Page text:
Aberdeen and Edinburgh to be hardest hit by Brexit pain

Aberdeen is to feel the most pain by Brexit. Picture: Jeff J Mitchell/Getty Images
Aberdeen is to feel the most pain by Brexit. Picture: Jeff J Mitchell/Getty Images
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Aberdeen will be the UK’s worst affected city when it comes to the economic repercussions of Brexit, according to a new report analysing the impact of EU withdrawal.

Edinburgh will also among the cities hardest hit when the UK leaves the European Union.

Research by the Centre for Cities and the Centre for Economic Performance predicts that cities with large highly skilled service sectors will have the most to lose. Aberdeen came top and Edinburgh came sixth in a league table ranking UK cities who stand to struggle as a result of Brexit.

Regardless of whether there is a hard or soft Brexit, both Scottish cities were ranked one and six when it came to forecasts of the reduction in economic output as a result of leaving the bloc.

Aberdeen, the UK’s oil capital, is set to see economic output reduced by 3.7 per cent in the event of a hard Brexit.

As the sixth worst affected, Edinburgh would see a 2.7 per cent reduction in economic output for Scotland’s capital in the event of a hard Brexit.

Even if there were a soft Brexit with the UK retaining a free trade deal with the EU, Aberdeen would stay the worst affected with a decline of 2.1 per cent. Edinburgh would remain in sixth place with a decline of 1.4 per cent.

The study showed all British cities would see a fall in output as a result of the increase in trade costs.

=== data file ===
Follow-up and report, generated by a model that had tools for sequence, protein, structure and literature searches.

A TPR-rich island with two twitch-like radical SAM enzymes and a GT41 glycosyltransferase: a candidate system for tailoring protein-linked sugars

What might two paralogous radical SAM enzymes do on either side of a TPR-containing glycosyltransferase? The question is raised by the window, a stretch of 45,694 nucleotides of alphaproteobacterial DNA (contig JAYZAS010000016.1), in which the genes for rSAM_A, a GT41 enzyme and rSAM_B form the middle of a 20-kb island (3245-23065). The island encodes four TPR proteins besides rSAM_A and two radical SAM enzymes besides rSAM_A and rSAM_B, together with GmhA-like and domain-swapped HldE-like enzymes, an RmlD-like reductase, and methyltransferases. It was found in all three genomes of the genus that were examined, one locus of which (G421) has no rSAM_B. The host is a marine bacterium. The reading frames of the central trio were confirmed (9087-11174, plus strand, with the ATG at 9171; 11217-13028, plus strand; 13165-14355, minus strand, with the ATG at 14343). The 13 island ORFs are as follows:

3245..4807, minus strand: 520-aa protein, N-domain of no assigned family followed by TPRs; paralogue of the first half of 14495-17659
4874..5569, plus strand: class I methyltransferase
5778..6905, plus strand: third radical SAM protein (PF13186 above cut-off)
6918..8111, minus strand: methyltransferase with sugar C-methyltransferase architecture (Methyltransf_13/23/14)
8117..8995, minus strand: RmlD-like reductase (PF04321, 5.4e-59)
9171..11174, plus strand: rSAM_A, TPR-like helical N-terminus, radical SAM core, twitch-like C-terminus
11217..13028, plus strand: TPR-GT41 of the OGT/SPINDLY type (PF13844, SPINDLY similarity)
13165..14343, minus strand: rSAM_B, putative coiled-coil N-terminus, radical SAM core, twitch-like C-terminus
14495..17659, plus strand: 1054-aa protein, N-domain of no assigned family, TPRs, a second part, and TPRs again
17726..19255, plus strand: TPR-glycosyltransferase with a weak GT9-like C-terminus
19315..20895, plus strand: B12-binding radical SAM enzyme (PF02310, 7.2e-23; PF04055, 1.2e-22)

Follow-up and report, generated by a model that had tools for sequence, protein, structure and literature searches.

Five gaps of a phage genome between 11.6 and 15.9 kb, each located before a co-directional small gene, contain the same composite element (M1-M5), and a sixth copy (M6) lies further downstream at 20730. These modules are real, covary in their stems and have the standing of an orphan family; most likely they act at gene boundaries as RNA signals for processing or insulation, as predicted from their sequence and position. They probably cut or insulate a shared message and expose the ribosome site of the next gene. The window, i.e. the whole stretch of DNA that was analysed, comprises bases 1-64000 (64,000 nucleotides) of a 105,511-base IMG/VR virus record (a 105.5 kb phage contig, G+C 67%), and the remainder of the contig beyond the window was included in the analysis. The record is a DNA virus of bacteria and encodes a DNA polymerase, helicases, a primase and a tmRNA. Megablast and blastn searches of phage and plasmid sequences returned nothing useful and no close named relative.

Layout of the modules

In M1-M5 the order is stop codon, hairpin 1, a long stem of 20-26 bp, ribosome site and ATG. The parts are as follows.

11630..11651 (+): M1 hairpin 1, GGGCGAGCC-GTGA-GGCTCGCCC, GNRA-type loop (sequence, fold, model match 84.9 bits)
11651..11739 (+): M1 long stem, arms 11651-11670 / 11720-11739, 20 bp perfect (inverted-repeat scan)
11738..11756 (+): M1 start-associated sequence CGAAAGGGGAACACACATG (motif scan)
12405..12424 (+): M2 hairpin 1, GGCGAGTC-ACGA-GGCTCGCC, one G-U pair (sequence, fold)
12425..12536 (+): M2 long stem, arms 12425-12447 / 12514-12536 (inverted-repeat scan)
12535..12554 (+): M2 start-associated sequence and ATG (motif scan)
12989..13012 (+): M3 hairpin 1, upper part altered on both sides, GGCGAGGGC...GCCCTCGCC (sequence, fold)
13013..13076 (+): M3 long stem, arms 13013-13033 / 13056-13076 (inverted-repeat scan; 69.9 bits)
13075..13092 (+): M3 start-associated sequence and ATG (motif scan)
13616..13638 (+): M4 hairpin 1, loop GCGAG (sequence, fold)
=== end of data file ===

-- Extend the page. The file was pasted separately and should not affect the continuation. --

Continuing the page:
The economic impact will be almost twice as big in the event of a ‘hard’ Brexit, which the research predicts will bring an average 2.3 per cent reduction in economic output across all UK cities – compared to a ‘soft’ Brexit, which will result in a 1.2 per cent decrease.

The report said economically vibrant cities in the south of England which would be most affected with Aberdeen and Edinburgh being exceptions that proved the rule.

Cities specialising n large knowledge-intensive sectors such as businesses and financial services, would be most affected by the increase in tariff and non-tariff barriers that Brexit could bring.

Scottish Lib Dem leader Willie Rennie said the report bolstered his party’s case to abandon Brexit.

Mr Rennie said: “This report shows that a Brexit, whether soft, hard or even multi-coloured will have a significant negative impact on major cities across Scotland. With both the Scottish and UK economy in a fragile state we need to build that strength not take it away. Scotland’s biggest cities are shown here to be hit hard by any type of Brexit and the UK government cannot just waive these numbers away.”

A UK government spokesman said it was working on a trade deal to build on the strengths of all cities.